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  #21  
Old 04-13-2013, 05:40 PM
Il Pizzaiolo
 
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Location: So. Orange County, CA. USA
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Default Re: Croissants

Faith,
With steam (2 seconds)?
I know this came from your WFO, is the steam 2 seconds of spray from a plant sprayer? How do "you" do your steam in the WFO?

Thanks

Chris

Last edited by SCChris; 04-13-2013 at 06:21 PM.
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  #22  
Old 04-13-2013, 05:54 PM
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Default Re: Croissants

Quote:
Originally Posted by Faith In Virginia View Post
Sure Aegis, This is from Suas's Advanced Bread and Pastry.

Just dragging this out of my spread sheet so I hope it's okay. He called for Osmotolerant Instant Yeast and I don't have that so I converted it to Active dry.

Can't get the #'s separated from the spread sheet. You will see ingredient then amount in grams as ###.### then the bakers percentage.

Croissant Dough / no preferments
Bread and pastry (Suas Page # 331

Number of 2 pound dough 1




Bread Flour 499.660 100.0%
Water 191.359 38.3%
Milk 113.398 22.7%
Sugar 63.786 12.8%
Salt 10.631 2.1%
Active Dry Yeast 11.516 2.3%
Malt 2.500 0.5%
Butter 21.262 4.3%
Total Yield 914.113

Butter for roll-in 226.796 24.8%

2.02 pounds



Mixing
Add all the ingredients to the mixing bowl.
Mix on first speed for 4 to 5 minutes and about 5 minutes on second speed
Desired dough temperature: 72F to 77F

Bulk Fermentation
45 minutes to 1 hour

Retard
Retard for 8 to 15 hours at 40F

Lamination
Three single folds.
Rest 30 minutes between folds.

Dividing and Shaping
Assorted shapes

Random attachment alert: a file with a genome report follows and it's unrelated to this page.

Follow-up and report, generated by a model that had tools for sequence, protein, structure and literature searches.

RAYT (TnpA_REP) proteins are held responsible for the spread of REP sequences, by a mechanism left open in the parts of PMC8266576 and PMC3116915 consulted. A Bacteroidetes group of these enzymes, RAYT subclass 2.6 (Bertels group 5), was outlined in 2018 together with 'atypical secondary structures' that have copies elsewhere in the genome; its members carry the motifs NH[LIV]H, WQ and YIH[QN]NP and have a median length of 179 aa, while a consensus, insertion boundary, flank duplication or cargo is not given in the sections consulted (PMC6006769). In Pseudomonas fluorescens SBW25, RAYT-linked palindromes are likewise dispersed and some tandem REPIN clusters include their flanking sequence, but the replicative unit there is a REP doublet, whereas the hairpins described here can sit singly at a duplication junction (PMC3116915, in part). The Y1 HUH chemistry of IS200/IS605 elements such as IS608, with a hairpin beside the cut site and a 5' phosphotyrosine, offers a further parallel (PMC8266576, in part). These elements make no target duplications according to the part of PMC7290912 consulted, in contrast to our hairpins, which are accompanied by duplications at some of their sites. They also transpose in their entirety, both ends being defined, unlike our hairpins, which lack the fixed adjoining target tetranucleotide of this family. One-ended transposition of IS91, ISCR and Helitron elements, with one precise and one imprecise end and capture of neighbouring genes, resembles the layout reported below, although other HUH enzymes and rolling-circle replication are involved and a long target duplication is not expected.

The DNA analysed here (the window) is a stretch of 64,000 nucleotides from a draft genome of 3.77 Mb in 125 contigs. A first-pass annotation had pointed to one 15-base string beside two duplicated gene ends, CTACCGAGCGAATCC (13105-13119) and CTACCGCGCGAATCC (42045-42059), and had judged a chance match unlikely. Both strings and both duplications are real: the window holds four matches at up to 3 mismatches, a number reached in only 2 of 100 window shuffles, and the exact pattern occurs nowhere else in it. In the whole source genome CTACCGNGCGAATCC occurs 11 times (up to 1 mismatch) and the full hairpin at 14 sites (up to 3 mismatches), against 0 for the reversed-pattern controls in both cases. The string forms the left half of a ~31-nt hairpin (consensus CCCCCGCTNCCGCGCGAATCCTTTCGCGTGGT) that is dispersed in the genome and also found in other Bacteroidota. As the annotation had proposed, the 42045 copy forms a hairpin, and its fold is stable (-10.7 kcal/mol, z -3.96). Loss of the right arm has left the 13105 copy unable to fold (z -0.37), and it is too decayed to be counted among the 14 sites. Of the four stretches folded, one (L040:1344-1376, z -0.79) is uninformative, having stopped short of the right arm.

Final Fermentation
1-1/2 to 2 hours at 78F (65% Relative Humidity)

Baking
Egg wash
With steam (2 seconds) 385F
13 to 15 Minutes
THANKS Faith! I'll try this next weekend, I am still tied up with yard work and other mundane chores this weekend. Faith, did you put the dough in the fridge or freezer between laminations?
I know this will be challenging for sure!
Again thanks
John
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Last edited by Aegis; 04-13-2013 at 06:11 PM.
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  #23  
Old 04-13-2013, 07:42 PM
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Default Re: Croissants

SCChris, No, in the WFO I just put them in with no steam. I am working on a steam injection system for the WFO. My last bake was a real eye opener for me. I baked the same bread with different junk on the loaf. Plain went in the oven first, seeded went in second and cheese went in last. The first loaves had some blowouts the seeded had less and the cheese had none. So loading order greatly affected the outcome and this I can fix with steam injection. When I get it up and running I will share pictures and process.

John, Normally the fridge is fine but if it takes a long time to roll or your kitchen is hot and you notice the dough really softening up I do the freezer. The trick is to keep the dough and the butter at the same softness. Don't let your butter get real soft or you won't get the lamination. Keep it cool...but not cold
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  #24  
Old 04-13-2013, 08:00 PM
Il Pizzaiolo
 
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Default Re: Croissants

Considering the proofer you mention at TFL, I'm betting you're doing full loads each time.. I look forward to seeing the steamer.

Chris

PS I have proofer envy!!